Booting Microsoft Windows 8 from a VHD in Windows 7

Native VHD Boot is available in all versions of Windows 7

48 hours to buy the upgrade to Windows 8, a couple of years or so to install…

At the moment you can buy the Windows 8 Pro upgrade for £24.99 (electronic download version) but the offer ends 31st January 2013.  You can install this any time up to 26th October 2015.

So if, like me, you don’t feel quite ready to commit to Windows 8 on an existing (non touch) laptop, but feel the O.S. might come good given a bit of time then now is the time to buy the upgrade!

Although I tried Windows 8 and rejected it some time ago as the main O.S. on my laptop, lately I have been contemplating a dual boot scenario.  If I get around to that I will post it up!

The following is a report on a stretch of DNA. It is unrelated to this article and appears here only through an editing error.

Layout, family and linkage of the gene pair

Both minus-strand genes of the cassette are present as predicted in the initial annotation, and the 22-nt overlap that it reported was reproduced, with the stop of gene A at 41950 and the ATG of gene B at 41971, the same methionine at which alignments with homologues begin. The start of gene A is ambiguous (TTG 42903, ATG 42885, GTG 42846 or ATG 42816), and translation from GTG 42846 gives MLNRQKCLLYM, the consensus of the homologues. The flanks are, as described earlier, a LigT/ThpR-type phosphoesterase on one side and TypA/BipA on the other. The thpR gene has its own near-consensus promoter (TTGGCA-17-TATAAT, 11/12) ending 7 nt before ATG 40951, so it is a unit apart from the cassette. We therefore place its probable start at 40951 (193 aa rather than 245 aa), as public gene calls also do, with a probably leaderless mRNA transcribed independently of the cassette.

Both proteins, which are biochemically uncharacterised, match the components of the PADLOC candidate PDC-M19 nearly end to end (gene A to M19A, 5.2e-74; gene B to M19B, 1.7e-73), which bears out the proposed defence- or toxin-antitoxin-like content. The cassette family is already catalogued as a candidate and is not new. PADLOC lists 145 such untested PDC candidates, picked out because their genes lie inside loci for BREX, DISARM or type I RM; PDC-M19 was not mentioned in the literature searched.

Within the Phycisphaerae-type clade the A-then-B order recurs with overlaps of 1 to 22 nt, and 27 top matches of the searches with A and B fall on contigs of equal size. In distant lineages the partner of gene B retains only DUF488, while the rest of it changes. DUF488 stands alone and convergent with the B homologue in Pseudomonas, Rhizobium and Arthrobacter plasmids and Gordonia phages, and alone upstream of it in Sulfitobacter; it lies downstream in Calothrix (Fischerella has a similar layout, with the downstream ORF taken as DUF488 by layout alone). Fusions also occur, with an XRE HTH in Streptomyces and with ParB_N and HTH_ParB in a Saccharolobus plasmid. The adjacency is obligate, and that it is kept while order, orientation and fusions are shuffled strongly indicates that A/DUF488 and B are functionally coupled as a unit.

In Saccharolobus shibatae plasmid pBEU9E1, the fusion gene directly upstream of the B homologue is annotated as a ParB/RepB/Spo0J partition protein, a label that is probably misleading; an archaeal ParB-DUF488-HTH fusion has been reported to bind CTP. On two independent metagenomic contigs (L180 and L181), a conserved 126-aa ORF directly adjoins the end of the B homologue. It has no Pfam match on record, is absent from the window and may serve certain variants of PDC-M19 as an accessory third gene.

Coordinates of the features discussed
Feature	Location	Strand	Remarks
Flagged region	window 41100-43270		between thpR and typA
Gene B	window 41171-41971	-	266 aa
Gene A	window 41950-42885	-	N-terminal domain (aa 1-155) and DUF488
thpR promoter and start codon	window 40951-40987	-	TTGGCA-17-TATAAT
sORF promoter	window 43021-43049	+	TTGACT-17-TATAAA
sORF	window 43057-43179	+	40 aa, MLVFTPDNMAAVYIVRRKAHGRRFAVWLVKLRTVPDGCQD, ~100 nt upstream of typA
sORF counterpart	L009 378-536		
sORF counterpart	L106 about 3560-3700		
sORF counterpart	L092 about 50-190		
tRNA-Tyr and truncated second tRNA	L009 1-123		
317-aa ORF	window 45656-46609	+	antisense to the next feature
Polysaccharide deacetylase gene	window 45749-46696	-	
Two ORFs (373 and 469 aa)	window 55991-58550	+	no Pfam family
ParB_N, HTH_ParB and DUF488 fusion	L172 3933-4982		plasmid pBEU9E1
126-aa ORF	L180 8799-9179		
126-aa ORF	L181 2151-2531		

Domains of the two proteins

The “buy now, upgrade later” tip is straight from Paul Thurrott’s Supersite for Windows which you can find here.

Buy the upgrade here.

Also if you haven’t already, check out the “Netcast” Windows Weekly where Paul and Mary Jo Foley of ZDNet discuss weekly Windows news with anchor man Leo Laporte.  I listen to this every week on my commute to/from the office as well as some of the other TWIT Netcasts.

Tick-tock people!


Check your browser plugins are up to date…

This one was found by one of my colleagues but I thought I would pass it on.  On the back of Oracle Java security issues it is probably a good  time to check your browser plugins are up to date.

Check out this browserscan page for a free check.  It will quickly tell you if any of the following are out of date: